Go to the Globe and Mail homepage

Jump to main navigationJump to main content

A fan holds up a sign as Team WHL and Team Russia play during the third period in game 5 of the CHL Subway Super Series in Vancouver, B.C., on Wednesday November 14, 2012 (The Canadian Press)

A fan holds up a sign as Team WHL and Team Russia play during the third period in game 5 of the CHL Subway Super Series in Vancouver, B.C., on Wednesday November 14, 2012

(The Canadian Press)

Duhatschek: Welcome to the half-way point of the NHL lockout Add to ...

In short, this is unknown territory, with all new players on the NHLPA side. Generally, in every sort of negotiation such as this, there is some ebb and flow. Momentum builds and then stalls. Optimism ran high about two weeks ago and now pessimism reigns supreme.

About the only thing I’m prepared to venture is that the drop-dead date to play games in 2012-13 is still two months or more away. That means there will be at least two more opportunities for the sides to get closer and see if they can’t finally bridge that gap. You’d think there would be urgency now, but you’d be wrong. With lawyers and accountants in charge, the real urgency doesn’t start until the clock is five minutes from midnight and the end is in sight. So hang on to your hats, because realistically, they are just at the half way point now – two months into the lockout, with another two months remaining to save a fraction of the 2012-13 season - and maybe the industry’s future as well.

THE LONG AND SHORT OF IT: When the Calgary Flames let Brent Sutter go this summer, replacing him behind the bench with Bob Hartley, who would have thought that Sutter would be coaching again before anyone else in the NHL? But it happened this week, when the team he owns and manages, the Western Hockey League’s Red Deer Rebels, fired coach Jesse Wallin after a 10-11-1-1 start and Sutter installed himself back behind the bench. Red Deer likely would have been a different team this year if the Edmonton Oilers had wanted to keep Ryan Nugent-Hopkins closer to home. The Calder Trophy runner-up in 2012 still had junior eligibility left, but he is playing at the moment for the Oilers’ AHL affiliate in Oklahoma City … Usually, on the Sunday of Hall of Fame weekend, I get together over dinner with Lanny McDonald to catch up. This year, McDonald had a better offer, and had an informal reunion with ex-Leafs Borje Salming, Darryl Sittler, Tiger Williams and their spouses. A riotous night, McDonald tells me … You never know what to make of injuries that occur to locked-out NHLers playing elsewhere in order to stay sharp. The fact is, they happen, just as they might happen in the NHL, if play was under way. The Red Wings’ Valtteri Filppula, or example, sprained his right knee playing for Jokerit and Finland and will miss up to eight weeks, which probably gives him enough time to heal, if the NHL ever does play this season. The same cannot be said for the Ottawa Senators’ young defenceman Jared Cowen, who is scheduled to undergo hip surgery on Saturday and is out for the season. Cowen is just 21 and played all 82 games for Ottawa last season, and was an underrated factor on their 92-point playoff team.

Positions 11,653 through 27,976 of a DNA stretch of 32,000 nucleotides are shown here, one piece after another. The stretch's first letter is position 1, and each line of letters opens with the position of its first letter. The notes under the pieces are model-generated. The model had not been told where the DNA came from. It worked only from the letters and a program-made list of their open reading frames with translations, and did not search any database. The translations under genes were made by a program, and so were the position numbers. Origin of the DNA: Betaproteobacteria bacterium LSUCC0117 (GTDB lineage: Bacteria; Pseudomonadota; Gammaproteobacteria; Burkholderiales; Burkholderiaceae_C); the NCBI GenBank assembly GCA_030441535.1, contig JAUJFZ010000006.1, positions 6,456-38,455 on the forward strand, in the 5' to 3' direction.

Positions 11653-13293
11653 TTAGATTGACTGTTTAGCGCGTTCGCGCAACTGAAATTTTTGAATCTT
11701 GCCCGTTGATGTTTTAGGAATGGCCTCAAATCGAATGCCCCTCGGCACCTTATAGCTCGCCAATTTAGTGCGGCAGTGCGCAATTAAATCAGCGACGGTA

AND FINALLLY: Arguably the most interesting injury news came via the Chicago Tribune this past week, when the Blackhawks’ most outspoken critic of Bettman, team captain Jonathan Toews, reported that he is only now fully recovered from a concussion that caused him to miss two months of action last season, even though he was deemed healthy enough to participate in the playoffs.

According to the Tribune report, Toews was symptom-free and had cleared all NHL concussion protocols prior to his return, but he wasn’t feeling 100 per cent until he visited the same Atlanta-based team of chiropractors and neurologists that treated Crosby for his concussion symptoms as well. Toews explained it to the paper this way: "Even if you don't feel something and you think you're symptom-free, there's probably still something there that's kind of hindering you and affecting the way your brain works. It was just a lot of eye-movement things. My eyes didn't track very well. They didn't look from one target to the next very well. My balance with my eyes closed and my head turned a certain way was terrible. (There were) little things that I would think were normal because I didn't feel something in my head.”

Sheesh. Doesn’t sound very good, does it?

Toews incidentally said that he will now consider playing opportunities in Europe, if the lockout stalemate continues. His Blackhawks’ teammate, Patrick Kane, has already been cavorting in Switzerland for more than a month now.

Report Typo/Error
Single page

Follow on Twitter: @eduhatschek

Next story




Most popular videos »

More from The Globe and Mail

Most popular